When the Islamic State of Iraq and Syria (ISIS) seized Sinjar in Iraqi Kurdistan on 3 August 2014, they executed men and boys, also forcing them into ISIS training camps. They kidnapped, tortured and sexually enslaved women and girls, some as young as nine.
Roughly 10,000 Yazidis were either killed or kidnapped during the assault, according to a 2019 London School of Economics Middle East Centre report.
The United States Holocaust Memorial Museum and the United Nations’ Independent International Commission of Inquiry on Syria released separate reports in 2015 and 2016 determining that ISIS was committing genocide, as well as crimes against humanity and war crimes, in its coordinated assault on the Yazidis of Sinjar.
Among the crimes ISIS has committed against the Yazidis, another unforgottable mistreatment was carved into the collective memory of the Yazidi women as they walked in shackles on Suka Kevin street.
As the anniversary of the genocidal assault approaches, hundreds of Yazidi women gathered for a protest march in Suka Kevin Street recalling those days, to express their sorrow and outrage.
Women chanted the slogans “We want autonomy,” “Long live the Sinjar resistance” and “Women’s resistance and struggle will stop Farmans.” Yazidis call the massacres and genocides they have been subjected to ‘Farmans’ and the last ISIS massacre and genocide is considered to be the 74th Farman.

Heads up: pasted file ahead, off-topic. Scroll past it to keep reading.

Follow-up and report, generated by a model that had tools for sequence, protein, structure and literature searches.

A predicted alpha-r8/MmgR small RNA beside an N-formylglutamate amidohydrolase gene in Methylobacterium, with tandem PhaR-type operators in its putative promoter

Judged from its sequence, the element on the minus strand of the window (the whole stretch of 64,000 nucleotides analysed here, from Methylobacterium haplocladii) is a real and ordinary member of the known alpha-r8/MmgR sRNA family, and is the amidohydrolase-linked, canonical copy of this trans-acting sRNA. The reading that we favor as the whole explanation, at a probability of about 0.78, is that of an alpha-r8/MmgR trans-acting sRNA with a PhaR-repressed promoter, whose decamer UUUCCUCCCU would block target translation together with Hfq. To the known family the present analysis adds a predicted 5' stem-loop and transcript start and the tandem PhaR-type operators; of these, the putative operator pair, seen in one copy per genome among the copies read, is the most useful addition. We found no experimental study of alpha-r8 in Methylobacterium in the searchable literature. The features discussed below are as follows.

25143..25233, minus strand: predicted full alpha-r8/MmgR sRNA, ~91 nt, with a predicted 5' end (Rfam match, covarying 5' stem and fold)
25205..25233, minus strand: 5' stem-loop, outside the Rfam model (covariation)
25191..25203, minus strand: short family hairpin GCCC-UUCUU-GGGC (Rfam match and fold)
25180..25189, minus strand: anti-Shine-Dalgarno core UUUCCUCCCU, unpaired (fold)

A group of women marched at the front of the protest in chains, dressed in black and fully veiled, the known dress-code that ISIS imposed on women in places where they had secured control.
“On 3 August 2014, thousands of Yazidi women were made to walk through the streets as slaves. We want to turn the ‘genocide march’ which started from this street to a ‘freedom march’ again, marching freely in this street,” said Hefime Sileman, who read out a press statement on behalf of the Free Yazidi Women’s Movement (TAJÊ).
Sileman appealed to the world: “Recognise the Yazidi genocide.”
“We have seen the sorrow of our children, our daughters, our husbands. In order not to re-experience such suffering, we want self-governance. We have formed our own asayish [security] to defend ourselves. We have formed our military organisation and we have organised ourselves as women,” she said.
“Unless we fully liberate Sinjar, our hearts will remain wounded. As long as we breathe, we will protect our lands. We will not migrate from our lands. We will not leave our lands in the hands of the enemy.”
An elderly Yazidi woman who spoke to Jinha during the march shared her criticisms of the Kurdistan Democratic Party (KDP). “When ISIS kidnapped our daughters, when ISIS sold our daughters as slaves in the markets, what did the KDP do?,” she asked.
The protest march ended in dramatic fashion when women removed their chains and set their black veils on fire after the press statement was read out.